Captain Keeble's group left Ijmuiden after dark on a thirty foot motor launch and were picked up by HMS Havoc and landed at Harwich.

Dutch naval officers and Cdr Goodenough's demolition party aboard HMS Venomous, 20 May 1940
Cdr Goodenough and demolition team on Venomous, 15 May 1940
Cdr M.G. Goodenough RN (with binoculars), the demolition party and Dutch naval officers - the KFRE  sappers are wearing steel helmets
Cdr C. Hellingman is foreground right in the top picture and stands alongside Cdr Goodenough in the second with Pieter Joosse kneeling on the right.
Half the Dutch navy went to Britain when Holland surrendered, many in their own ships
Photographed by Lt Peter Kershaw RNVR

Cdr Goodenough and Capt Peter Keeble were both awarded the DSO. In his letter congratulating Keeble Goodenough said "after working in the Plans Division in the Admiralty the Amsterdam party was just like a paid holiday!" The Atjeh served in UK harbours throughout the war, at first in Portsmouth, later Greenock, and after the war returned to Amsterdam.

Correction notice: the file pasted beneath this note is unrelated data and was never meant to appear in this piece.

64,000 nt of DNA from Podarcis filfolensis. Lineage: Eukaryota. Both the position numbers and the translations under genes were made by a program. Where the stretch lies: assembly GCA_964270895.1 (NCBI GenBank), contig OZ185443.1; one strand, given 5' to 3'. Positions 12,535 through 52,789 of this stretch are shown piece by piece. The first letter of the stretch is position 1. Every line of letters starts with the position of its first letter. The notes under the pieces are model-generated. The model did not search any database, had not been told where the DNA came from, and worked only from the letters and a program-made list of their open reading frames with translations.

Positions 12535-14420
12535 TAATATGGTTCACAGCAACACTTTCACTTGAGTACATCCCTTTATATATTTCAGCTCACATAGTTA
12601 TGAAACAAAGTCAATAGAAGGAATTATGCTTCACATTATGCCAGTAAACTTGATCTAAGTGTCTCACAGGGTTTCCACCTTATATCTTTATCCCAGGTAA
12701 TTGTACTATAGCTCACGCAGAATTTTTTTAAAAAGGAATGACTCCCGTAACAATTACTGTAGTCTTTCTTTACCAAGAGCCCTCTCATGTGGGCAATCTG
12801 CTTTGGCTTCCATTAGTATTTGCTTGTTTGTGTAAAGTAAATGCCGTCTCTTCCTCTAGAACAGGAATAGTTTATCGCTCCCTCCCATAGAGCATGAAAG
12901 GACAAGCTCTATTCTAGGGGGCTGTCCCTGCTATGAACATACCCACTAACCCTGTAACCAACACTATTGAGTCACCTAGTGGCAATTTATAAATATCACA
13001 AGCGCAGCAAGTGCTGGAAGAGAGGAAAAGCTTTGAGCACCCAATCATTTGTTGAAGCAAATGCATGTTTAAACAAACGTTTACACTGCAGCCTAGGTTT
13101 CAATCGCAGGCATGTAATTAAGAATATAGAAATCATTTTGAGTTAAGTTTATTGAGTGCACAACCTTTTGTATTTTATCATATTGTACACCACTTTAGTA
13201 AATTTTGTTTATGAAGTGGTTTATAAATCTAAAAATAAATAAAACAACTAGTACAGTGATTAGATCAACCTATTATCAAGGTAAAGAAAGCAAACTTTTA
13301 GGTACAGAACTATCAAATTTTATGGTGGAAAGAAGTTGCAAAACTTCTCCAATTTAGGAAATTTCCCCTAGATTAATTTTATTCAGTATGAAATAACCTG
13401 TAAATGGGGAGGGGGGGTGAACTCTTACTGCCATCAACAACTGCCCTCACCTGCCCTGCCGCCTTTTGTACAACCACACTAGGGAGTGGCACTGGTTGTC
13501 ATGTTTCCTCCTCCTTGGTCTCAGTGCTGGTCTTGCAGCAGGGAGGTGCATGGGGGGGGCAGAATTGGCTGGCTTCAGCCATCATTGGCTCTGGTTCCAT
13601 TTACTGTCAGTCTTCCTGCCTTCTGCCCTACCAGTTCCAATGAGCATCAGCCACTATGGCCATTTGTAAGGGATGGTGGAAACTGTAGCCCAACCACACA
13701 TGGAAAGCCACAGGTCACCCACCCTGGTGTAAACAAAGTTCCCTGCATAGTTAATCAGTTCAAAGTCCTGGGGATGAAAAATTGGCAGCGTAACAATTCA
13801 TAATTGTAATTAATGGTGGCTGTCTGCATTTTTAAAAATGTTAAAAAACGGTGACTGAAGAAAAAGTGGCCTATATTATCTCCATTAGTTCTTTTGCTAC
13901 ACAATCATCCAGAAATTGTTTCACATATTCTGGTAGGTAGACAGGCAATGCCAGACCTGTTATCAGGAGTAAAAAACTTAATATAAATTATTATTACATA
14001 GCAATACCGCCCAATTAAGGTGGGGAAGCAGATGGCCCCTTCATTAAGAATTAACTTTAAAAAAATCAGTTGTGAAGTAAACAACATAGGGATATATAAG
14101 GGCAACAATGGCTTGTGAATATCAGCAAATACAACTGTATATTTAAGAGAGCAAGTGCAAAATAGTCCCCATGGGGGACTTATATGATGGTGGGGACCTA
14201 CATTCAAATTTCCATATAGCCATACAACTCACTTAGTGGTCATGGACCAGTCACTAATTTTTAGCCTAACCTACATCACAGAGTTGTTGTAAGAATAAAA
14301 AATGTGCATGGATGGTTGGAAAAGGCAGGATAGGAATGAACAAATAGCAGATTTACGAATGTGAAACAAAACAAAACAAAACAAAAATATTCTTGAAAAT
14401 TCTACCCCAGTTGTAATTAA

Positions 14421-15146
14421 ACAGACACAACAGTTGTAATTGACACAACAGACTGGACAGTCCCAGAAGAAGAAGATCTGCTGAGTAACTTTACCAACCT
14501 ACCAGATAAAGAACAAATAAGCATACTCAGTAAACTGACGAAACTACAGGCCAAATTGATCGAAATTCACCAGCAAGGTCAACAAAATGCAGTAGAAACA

When Don Terry drove to the site of the refinery at Amsterdam in 1945 he met a group of middle aged women who remembered the firing of the oil stocks and admonished him for not having warned them so that they could get their washing in; it was ruined as a result! Monday was the traditional washing day in the Netherlands and Monday 13 May was the day when the "demo team" set fire to the oil storage tanks at Amsterdam.

On demobilisation most of the original members of the Kent Fortress Royal Engineers returned to their jobs with Blue Circle, several of the junior officers were made works managers and Peter Keeble became a director.

Atjeh towing Zeemanshoop to Ramsgate